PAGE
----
Slightly different story for Manuel, who did not win any events at the U.S. Open but did swim her best times since returning to the sport. She went under 25 in the 50 free, placing seventh in a fast final in 24.82, and she broke 54 in the 100 free, placing fourth in 53.65, a time only 14-hundredths slower than what it took to qualify for the Worlds team in the 400 free relay this year. Manuel also raced the 200 free for the first time since the 2021 Olympic Trials, and she took third behind Siobhan Haughey and Katie Ledecky in a solid time of 1:57.37.

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Simone Manuel — Photo Courtesy: Emily Cameron

Looking ahead to her prospects for Olympic Trials, returning to the peak of the 50 free could be challenging for Manuel, with longtime rival Abbey Weitzeil swimming faster than ever and younger swimmers like Gretchen Walsh, Kate Douglass and Torri Huske all very much in the mix. All four of those women swam times of 24.4 or better at the U.S. Open. The 100 and 200 free, though, where relay spots will be on the line at Trials? Definitely available for Manuel to grab.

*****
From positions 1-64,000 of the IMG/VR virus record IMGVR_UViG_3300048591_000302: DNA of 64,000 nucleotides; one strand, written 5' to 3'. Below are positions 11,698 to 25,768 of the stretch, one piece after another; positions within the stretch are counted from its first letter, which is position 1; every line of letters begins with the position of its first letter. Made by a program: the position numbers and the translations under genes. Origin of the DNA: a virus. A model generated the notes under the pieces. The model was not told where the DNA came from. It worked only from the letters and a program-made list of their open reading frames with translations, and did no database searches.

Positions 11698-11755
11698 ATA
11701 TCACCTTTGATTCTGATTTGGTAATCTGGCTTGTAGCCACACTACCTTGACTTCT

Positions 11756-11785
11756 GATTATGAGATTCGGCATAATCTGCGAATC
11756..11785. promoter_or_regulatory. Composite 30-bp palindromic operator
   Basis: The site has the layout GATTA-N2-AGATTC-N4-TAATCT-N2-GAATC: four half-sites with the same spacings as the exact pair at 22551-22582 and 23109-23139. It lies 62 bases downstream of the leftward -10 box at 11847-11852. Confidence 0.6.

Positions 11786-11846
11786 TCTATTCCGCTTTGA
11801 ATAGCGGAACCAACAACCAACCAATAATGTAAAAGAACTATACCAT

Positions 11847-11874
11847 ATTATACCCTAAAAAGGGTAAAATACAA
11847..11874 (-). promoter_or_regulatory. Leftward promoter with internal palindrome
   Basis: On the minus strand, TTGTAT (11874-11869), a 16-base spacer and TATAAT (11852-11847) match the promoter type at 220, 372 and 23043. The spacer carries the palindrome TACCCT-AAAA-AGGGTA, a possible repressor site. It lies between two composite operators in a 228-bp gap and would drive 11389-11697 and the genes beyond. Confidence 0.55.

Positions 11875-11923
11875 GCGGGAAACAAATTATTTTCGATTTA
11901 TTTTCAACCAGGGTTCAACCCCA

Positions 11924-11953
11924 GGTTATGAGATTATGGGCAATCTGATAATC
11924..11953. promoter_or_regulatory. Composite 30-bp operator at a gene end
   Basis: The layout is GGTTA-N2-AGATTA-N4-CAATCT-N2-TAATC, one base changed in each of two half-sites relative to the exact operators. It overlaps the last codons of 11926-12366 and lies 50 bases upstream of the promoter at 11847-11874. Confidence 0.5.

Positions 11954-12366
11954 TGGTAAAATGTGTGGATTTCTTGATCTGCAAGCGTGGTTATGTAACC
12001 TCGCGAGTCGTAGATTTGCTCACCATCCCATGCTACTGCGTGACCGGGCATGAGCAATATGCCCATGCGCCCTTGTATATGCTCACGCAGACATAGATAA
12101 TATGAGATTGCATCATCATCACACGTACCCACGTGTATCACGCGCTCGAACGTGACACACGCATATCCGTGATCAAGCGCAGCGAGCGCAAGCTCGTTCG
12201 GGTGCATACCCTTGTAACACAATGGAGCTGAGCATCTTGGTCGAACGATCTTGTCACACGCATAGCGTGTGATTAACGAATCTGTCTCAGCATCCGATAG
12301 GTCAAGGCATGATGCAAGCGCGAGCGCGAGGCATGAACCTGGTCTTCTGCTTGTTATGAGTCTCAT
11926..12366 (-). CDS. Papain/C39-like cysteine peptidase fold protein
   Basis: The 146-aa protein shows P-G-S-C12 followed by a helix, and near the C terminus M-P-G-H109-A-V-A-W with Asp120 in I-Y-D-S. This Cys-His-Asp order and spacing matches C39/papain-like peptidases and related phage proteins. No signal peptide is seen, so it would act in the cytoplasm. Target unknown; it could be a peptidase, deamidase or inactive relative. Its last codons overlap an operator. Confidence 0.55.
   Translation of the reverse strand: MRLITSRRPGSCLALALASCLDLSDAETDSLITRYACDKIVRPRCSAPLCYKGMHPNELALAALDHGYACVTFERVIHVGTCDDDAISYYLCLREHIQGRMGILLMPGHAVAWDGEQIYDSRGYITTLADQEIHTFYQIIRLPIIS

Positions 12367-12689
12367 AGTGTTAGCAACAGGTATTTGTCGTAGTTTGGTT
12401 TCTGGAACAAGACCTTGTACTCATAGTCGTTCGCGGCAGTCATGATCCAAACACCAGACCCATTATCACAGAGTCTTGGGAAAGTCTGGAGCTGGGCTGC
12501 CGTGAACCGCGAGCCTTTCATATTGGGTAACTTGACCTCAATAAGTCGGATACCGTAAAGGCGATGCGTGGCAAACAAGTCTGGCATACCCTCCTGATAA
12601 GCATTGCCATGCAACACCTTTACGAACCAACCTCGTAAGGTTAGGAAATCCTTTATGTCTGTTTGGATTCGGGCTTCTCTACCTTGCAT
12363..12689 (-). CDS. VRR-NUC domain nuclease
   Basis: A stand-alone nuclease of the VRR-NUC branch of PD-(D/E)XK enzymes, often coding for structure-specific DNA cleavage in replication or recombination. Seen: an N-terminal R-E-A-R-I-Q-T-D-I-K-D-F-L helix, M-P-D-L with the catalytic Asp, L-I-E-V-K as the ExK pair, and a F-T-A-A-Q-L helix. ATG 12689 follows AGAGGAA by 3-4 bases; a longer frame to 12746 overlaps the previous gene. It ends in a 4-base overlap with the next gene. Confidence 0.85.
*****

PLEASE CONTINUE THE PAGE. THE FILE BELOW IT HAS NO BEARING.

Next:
The prospect of Manuel returning to sub-53 territory in the 100 free by June is legitimate, and that will certainly be enough to make it to Paris, probably sufficient to grab a spot on the finals relay quartet. In the U.S. Open 200 free, Manuel beat three women who were part of either the prelims or finals squad of the American women’s silver-medal-winning relay at the World Championships, Erin Gemmell, Anna Peplowski and Leah Smith. Manuel’s days of providing key relay legs at major meets may not be done quite yet.

Manuel may no longer be the centerpiece star for the American women in the shorter events, contending for individual titles at major meets, just like Dressel may no longer be the dynamic performer who took gold in 11 consecutive major international finals between 2017 and 2022. And that’s perfectly OK.

Both have returned to swimming for the right reasons. Now, their prospects of qualifying for another Olympic team are becoming very realistic.

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Breezeway
Breezeway
2 months ago

👍🏾